I would be lying if I said this did not fill me with more than a slight anticipation and dread, as I was very aware that I could seriously damage the sump of the landy if I did not negotiate this massive chasm very carefully to get me to the other side and hopefully to a spot where I could turn around and head back to camp. Gingerly negotiating this significant hole in the track, I eased my way out of it only to find that the road was still tightly lined with trees to the right and left. Time to stop and take a breath, on doing so, I happened to glance at the fuel gauge and it was on empty! (Second mistake– always check on the fuel gauge before venturing out anywhere, especially in the bush!) I also realised that I had foolishly driven out with no water, thinking I would be back at camp very soon, third mistake – do NOT EVER drive anywhere in the bush without water, however short the anticipated journey might be!)

Taking stock of the situation, about to run out of fuel and having no water, I considered my options in attempting to get back to camp and decided I would have to try and get as far as I could in getting back to the correct road but still acknowledging that I would have to walk the rest of the way if I did run out of fuel.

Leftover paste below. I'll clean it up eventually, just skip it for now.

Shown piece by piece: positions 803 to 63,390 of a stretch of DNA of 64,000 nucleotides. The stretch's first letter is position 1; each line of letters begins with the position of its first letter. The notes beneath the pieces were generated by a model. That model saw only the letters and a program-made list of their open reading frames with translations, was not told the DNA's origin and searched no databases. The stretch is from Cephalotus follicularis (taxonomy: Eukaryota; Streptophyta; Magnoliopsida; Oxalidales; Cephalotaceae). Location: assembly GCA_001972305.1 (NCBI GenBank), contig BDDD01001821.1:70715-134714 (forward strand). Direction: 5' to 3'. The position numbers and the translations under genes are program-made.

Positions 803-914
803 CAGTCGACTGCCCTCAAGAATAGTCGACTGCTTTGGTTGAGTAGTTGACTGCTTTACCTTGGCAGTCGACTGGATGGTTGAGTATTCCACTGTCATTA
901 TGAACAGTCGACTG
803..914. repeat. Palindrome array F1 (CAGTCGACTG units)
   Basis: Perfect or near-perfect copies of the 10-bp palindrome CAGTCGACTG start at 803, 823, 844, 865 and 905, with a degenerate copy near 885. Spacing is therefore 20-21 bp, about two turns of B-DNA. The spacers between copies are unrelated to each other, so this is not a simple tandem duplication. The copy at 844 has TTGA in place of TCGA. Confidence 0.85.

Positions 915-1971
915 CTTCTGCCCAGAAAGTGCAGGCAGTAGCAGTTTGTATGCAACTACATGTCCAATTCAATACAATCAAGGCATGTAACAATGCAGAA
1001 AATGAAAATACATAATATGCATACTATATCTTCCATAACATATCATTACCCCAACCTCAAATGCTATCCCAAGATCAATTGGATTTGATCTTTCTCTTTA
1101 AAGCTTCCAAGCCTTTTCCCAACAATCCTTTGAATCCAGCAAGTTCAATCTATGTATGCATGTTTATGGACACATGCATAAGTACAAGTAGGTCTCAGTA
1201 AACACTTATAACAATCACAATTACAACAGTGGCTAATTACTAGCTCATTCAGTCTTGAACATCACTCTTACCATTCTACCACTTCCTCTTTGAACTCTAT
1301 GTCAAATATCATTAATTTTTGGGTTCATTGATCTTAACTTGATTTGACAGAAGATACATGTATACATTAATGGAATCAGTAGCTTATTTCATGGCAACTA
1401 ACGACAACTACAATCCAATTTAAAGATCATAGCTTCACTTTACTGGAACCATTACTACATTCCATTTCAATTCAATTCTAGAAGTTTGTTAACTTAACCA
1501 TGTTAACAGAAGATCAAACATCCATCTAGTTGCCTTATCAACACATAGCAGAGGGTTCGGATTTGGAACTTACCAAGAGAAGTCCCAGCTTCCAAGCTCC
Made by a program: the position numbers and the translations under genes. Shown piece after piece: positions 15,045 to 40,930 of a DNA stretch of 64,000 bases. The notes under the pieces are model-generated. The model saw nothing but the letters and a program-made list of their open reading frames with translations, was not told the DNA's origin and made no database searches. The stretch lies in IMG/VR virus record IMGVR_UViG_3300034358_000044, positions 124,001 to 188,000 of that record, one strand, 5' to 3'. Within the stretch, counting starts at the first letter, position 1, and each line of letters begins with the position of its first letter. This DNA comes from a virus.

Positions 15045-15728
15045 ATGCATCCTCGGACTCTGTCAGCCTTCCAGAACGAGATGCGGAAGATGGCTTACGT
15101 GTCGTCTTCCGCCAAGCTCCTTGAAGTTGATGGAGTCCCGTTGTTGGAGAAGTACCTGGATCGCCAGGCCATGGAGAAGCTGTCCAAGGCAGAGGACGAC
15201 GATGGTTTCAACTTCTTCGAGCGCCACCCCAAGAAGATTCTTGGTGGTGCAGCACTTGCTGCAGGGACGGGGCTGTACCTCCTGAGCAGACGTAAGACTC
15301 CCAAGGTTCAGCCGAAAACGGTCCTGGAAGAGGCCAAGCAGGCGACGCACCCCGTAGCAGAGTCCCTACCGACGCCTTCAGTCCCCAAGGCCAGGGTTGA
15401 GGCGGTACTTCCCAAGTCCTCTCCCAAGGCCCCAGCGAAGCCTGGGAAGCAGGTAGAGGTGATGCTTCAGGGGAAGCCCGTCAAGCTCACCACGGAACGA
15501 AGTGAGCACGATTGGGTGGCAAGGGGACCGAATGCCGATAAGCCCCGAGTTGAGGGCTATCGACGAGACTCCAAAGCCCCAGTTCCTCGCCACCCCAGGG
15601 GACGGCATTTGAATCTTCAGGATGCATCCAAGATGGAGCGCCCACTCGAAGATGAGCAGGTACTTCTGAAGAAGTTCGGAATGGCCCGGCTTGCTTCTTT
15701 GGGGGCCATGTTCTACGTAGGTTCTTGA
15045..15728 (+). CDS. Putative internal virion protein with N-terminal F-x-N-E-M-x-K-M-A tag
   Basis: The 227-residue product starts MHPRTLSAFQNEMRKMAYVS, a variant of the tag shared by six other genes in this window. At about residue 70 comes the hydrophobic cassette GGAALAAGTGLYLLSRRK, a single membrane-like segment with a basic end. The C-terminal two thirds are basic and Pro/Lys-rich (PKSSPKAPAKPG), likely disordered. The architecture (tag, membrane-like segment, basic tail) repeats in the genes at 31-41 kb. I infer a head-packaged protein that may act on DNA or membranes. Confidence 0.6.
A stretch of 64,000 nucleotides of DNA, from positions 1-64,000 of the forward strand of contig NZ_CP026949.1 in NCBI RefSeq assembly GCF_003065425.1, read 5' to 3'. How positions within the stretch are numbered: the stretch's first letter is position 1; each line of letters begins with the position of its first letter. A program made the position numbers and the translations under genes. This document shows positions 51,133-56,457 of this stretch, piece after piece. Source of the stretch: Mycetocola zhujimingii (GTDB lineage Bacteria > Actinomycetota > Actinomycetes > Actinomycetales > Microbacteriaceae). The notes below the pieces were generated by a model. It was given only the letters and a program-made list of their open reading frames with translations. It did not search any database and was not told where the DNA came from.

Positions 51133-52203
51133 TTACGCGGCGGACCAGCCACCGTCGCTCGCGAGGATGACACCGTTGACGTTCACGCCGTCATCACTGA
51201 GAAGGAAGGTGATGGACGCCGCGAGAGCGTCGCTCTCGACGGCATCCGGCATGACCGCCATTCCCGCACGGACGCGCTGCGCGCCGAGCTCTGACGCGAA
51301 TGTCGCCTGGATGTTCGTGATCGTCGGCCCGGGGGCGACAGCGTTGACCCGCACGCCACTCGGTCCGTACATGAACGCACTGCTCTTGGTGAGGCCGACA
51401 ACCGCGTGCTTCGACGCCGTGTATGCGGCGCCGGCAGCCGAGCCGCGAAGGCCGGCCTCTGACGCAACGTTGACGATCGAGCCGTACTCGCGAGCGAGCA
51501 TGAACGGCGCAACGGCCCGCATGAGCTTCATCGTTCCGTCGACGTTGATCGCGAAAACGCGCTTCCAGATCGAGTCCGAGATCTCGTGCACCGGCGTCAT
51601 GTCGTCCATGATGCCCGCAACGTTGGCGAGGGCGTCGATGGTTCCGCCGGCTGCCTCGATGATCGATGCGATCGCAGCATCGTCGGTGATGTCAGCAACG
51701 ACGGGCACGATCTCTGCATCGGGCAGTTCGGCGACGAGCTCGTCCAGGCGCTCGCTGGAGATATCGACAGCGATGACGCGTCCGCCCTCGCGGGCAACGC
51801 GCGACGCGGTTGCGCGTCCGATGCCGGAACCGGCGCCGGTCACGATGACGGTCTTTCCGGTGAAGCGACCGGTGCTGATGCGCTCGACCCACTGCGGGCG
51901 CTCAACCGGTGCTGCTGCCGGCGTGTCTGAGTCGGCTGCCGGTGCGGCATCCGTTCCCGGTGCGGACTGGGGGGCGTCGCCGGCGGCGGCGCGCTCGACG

I stepped down onto the rutted track and sat for a while, taking in the contrasting emotions I was feeling: the elation of being on my own in this remarkable place, feeling the dust on my face and clothes, smelling the gentle morning air, seeing the stunning mopane woods on either side with their glorious coloured leaves, hearing the first early morning flock of Lillian’s Love Birds fly past and realising I had made one too many errors of judgement, which could be serious. After trying a nine point turn to head back from whence I had come from, I had to renegotiate the massive donga, which now seemed to be the least of my problems. Heading back, with both eyes now wide open, I finally found the previously missed fork in the road and managed to return to camp, with the landy fuel gauge on empty. On arrival, I asked Leon, the wonderful caretaker and fixer of all things: vehicles, tents, water supplies etc, why he had not put fuel in the landy tank, knowing I was going to drive to Vundu, although I of course should have checked this myself. I was then laughingly informed that he had indeed done so, but the fuel gauge had not worked for years! Needless to say, MANY sobering lessons were learned on this trip of initiation. Somehow, when we find ourselves in a potentially challenging situation, one gains access to the elements of self which have long remained dormant. This trip was definitely a stimulus, albeit a somewhat sobering one, which unlocked a long forgotten self and I celebrated the delightful sense of an emerging re-discovery of a me that had become lost in the freneticism of city life, where we all can unconsciously surrender our true identities without realising it. Having a couple of weeks at camp, where we had no guests, we all busied ourselves with preparing the tents and the kitchen caravan, which was a beyond challenge. This kitchen caravan was a misnomer of note! The oven had no thermostat, every single knob for the gas plates had broken off, forcing one to use a pair of pliers to turn them off and on, so as not to burn one’s fingers when adjusting the intensity of flame. The kitchen had one shelf, so cooking meals for up to up to 18+ people or keeping food warm for guests returning late from game drives was often a hysterical balancing act, with one dish on top of another and having to turn the oven gas on and off in an attempt to keep the food hot, yet not burn it!